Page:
How US abortion debate got to this point

How US abortion debate got to this point

By Philippa Thomas, BBC News
2 May 2018

As the Supreme Court hears arguments on another abortion case, two factions of the debate look back on how they got here and what they expect in the future.

Who cares about the exercise routine of an 84-year-old?

Thousands do, when that octogenarian is Ruth Bader Ginsburg - tiny, feisty, and fit. For liberal Americans, she's a vital progressive voice on the nine-member US Supreme Court. And to put it bluntly, they're invested in her staying alive. Because if she goes, her replacement will be named by President Trump.


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U.S.: Lessons from before Abortion Was Legal

Lessons from before Abortion Was Legal

Before 1973, abortion in the U.S. was severely restricted. More than 40 years later Roe v. Wade is under attack, and access increasingly depends on a woman's income or zip code

By Rachel Benson Gold, Megan K. Donovan | Scientific American September 2017 Issue
Posted Aug 15, 2017

When she went before the u.s. Supreme Court for the first time in 1971, the 26-year-old Sarah Weddington became the youngest attorney to successfully argue a case before the nine justices—a distinction she still holds today.

Weddington was the attorney for Norma McCorvey, the pseudonymous “Jane Roe” of the 1973 Roe v. Wade decision that recognized the constitutional right to abortion—one of the most notable decisions ever handed down by the justices.

Continued at source: Scientific American:

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‘I decide’: Jane Roe and the struggle for autonomy

‘I decide’: Jane Roe and the struggle for autonomy

Jon O’Brien
Catholics for Choice
Feb 24, 2017

"I wasn’t the wrong person to become Jane Roe, I wasn’t the right person to become Jane Roe. I was just the person who became Jane Roe, of Roe v Wade.’ (I Am Roe: My Life, Roe v Wade, and Freedom of Choice, by Norma McCorvey and Andy Meisler, 1994.)

On 18 February, Norma Leah McCorvey – better known as Jane Roe of the landmark US Supreme Court case Roe v Wade – died in Katy, Texas at the age of 69. During her life McCorvey was both a symbol of perseverance and a target of derision for many people. Those who once hailed her wound up deriding her, and vice versa: she was patient zero of the modern pro-choice movement, though she later became one of the most forceful voices of the anti-choice opposition. She was a bisexual in a committed relationship who later became a born-again Christian denouncing her sexuality, and who later still became a Catholic eschewing her born-again identity. She was written off as a naive tool of more powerful forces, slandered by former associates as a money-hungry opportunist, and hailed as an advocate par excellence by those on the left and right of the political spectrum.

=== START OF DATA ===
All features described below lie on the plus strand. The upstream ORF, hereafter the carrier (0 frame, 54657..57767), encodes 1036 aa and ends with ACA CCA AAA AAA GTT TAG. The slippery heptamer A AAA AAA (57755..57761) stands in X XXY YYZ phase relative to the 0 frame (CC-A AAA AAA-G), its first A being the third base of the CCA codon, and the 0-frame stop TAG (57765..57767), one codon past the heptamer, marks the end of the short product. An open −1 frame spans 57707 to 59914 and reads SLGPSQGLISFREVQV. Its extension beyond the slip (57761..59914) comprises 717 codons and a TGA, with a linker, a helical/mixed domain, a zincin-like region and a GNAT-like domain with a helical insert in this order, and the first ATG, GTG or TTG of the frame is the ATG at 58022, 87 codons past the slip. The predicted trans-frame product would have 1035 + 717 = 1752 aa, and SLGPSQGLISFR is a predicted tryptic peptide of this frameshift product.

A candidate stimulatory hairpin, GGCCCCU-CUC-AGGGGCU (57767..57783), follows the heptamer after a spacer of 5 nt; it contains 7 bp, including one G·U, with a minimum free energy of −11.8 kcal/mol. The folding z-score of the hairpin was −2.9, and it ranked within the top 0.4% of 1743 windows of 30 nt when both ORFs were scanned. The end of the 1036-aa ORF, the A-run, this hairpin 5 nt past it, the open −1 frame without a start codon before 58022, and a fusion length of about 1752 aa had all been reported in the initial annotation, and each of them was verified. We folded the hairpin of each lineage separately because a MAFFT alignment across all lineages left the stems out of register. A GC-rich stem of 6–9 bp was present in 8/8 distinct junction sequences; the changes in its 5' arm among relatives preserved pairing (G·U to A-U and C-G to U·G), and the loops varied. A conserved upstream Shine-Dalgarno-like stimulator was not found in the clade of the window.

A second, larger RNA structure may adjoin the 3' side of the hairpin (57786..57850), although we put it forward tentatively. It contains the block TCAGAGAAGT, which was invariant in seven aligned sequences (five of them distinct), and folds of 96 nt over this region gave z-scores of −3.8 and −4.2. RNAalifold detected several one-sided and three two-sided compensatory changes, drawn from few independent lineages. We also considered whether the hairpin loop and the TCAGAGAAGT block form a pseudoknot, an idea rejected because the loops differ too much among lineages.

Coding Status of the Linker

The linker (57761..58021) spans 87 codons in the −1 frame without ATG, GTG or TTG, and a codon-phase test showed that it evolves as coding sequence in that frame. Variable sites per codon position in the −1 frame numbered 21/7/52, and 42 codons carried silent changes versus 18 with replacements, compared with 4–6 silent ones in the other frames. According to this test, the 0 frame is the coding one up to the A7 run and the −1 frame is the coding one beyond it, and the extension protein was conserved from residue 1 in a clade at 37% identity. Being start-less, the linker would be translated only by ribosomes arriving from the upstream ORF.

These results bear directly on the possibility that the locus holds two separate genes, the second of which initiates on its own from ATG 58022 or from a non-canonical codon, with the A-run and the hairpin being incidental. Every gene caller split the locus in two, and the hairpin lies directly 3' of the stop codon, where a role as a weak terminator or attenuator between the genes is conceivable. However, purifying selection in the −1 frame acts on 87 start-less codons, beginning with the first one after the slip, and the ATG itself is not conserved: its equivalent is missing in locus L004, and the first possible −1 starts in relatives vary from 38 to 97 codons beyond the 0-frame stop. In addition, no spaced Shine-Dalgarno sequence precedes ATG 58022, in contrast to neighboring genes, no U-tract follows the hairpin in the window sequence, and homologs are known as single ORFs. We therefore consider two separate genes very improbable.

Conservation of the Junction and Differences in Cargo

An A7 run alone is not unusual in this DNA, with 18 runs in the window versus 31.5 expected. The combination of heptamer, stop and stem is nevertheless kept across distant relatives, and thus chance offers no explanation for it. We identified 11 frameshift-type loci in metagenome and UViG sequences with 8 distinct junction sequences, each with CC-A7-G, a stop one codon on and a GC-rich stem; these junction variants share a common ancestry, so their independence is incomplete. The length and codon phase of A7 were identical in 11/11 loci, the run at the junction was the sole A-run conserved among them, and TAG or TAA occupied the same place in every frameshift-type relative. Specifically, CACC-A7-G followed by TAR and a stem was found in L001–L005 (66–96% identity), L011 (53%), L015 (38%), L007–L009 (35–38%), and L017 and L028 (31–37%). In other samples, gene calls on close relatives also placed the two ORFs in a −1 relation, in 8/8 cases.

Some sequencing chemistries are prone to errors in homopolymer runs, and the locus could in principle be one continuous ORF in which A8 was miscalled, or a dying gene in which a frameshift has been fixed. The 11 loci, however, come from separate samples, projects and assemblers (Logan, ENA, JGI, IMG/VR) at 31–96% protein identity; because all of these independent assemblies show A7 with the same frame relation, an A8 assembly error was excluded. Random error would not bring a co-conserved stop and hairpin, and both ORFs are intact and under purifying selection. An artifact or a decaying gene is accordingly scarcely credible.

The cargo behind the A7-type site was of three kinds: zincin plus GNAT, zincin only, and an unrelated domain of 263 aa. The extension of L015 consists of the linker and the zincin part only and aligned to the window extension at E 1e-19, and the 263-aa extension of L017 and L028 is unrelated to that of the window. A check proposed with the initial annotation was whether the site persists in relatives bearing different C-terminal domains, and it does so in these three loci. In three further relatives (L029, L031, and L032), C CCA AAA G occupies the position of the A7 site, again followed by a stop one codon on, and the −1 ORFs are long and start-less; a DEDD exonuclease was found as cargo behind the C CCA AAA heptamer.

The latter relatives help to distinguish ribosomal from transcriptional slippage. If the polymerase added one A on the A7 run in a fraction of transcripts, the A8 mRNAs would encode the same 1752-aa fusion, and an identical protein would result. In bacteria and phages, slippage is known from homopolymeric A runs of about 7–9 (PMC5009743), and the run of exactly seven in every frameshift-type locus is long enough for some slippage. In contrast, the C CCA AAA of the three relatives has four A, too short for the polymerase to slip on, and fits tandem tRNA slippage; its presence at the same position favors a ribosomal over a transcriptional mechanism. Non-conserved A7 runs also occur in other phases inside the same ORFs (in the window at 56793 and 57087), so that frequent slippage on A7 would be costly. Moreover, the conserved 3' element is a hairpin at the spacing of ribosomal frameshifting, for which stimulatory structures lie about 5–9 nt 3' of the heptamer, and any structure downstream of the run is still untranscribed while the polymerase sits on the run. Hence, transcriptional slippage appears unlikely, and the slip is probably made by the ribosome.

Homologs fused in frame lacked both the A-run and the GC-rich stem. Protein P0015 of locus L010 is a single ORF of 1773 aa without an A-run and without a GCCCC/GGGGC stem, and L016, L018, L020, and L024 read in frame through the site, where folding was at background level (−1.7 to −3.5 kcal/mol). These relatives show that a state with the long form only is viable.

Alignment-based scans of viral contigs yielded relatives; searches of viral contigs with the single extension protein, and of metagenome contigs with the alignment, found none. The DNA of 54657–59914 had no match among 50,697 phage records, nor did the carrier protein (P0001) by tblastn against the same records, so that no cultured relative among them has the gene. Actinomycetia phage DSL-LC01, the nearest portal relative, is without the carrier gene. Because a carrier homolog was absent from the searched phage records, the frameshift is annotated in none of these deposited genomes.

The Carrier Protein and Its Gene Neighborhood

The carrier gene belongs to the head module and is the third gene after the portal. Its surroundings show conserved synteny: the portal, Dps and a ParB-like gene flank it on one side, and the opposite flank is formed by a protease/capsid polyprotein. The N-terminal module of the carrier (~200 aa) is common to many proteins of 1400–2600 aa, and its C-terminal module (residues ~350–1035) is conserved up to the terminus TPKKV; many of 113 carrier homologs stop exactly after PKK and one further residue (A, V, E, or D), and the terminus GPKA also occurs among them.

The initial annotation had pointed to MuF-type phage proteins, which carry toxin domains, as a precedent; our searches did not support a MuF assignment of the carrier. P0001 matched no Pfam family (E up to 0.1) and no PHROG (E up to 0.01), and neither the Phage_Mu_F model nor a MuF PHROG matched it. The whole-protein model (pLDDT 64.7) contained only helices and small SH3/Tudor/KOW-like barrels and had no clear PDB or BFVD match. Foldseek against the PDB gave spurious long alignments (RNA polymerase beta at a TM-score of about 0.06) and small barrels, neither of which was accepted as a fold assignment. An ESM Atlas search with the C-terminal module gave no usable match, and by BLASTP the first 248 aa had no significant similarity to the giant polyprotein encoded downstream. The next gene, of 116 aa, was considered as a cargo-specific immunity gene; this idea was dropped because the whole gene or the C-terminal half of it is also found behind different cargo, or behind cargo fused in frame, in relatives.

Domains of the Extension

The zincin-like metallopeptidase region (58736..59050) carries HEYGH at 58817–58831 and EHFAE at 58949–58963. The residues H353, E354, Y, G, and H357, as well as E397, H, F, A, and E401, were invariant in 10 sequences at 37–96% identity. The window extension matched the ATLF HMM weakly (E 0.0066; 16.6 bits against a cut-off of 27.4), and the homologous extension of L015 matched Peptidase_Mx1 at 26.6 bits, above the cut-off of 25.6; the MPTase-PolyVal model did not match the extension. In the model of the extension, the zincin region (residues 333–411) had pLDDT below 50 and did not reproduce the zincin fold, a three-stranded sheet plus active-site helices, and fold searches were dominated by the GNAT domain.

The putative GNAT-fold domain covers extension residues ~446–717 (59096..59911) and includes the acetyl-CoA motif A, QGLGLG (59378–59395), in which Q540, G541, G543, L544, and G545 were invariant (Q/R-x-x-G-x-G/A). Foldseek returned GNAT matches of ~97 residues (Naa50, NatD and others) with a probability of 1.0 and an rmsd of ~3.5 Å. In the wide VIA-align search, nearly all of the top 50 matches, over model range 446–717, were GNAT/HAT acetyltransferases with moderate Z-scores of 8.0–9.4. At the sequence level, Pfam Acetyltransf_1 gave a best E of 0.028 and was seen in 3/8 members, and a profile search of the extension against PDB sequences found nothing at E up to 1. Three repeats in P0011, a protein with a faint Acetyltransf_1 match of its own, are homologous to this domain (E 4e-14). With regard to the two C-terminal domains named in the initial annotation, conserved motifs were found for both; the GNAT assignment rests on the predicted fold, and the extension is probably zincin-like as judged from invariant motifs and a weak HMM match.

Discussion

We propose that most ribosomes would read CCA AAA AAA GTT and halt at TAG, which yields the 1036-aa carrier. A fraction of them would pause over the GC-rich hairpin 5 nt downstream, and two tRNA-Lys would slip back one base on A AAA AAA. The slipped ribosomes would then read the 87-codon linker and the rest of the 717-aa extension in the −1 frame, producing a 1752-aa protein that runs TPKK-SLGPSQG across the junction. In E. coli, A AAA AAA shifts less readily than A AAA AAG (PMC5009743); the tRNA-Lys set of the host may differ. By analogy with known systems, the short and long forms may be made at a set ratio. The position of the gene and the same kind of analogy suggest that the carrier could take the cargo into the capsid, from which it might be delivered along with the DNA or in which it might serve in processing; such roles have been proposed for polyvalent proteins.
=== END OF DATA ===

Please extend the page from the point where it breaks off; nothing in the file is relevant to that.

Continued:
Continued at source: Spiked:

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U.S.: Norma McCorvey, Jane Roe of Roe v. Wade decision legalizing abortion nationwide, dies at 69

Norma McCorvey, Jane Roe of Roe v. Wade decision legalizing abortion nationwide, dies at 69
By Emily Langer
February 18, 2017

Norma McCorvey, who was 22, unwed, mired in addiction and poverty, and desperate for a way out of an unwanted pregnancy when she became Jane Roe, the pseudonymous plaintiff in the 1973 U.S. Supreme Court decision that established a constitutional right to an abortion, died Feb. 18 at an assisted-living facility in Katy, Tex. She was 69.

Continued at source: Washington Post:

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U.S.: Telling the story behind Roe v Wade: ‘The play illuminates choice’

As Roe, a stage production centered on the landmark abortion case of the 1970s, hits Washington DC, playwright Lisa Loomer discusses its prescience

David Smith in Washington (The Guardian)

Monday 9 January 2017 16.13 GMT

In a normal election year, without the dozens of distractions, it would have been a jaw-dropping moment. “Do you want to see the court overturn Roe v Wade?” Donald Trump was asked during the final presidential debate. His initial answer meandered but then became blunt: “That’ll happen automatically, in my opinion, because I am putting pro-life justices on the [supreme] court.”

He went on to accuse his opponent, Hillary Clinton, of advocating that babies be ripped out of their mother’s wombs just before birth, a bogus claim she dismissed as “scare rhetoric”. But come election day, he won and she lost.

Now Trump is bound for the White House and a stage play about Roe v Wade, the 1973 case at the supreme court that firmly established a woman’s right to abortion, is arriving in Washington DC, with remarkable prescience. The first night curtain will go up just 40 hours before the bellicose billionaire is sworn in as US president.

[continued at link]
Source: The Guardian

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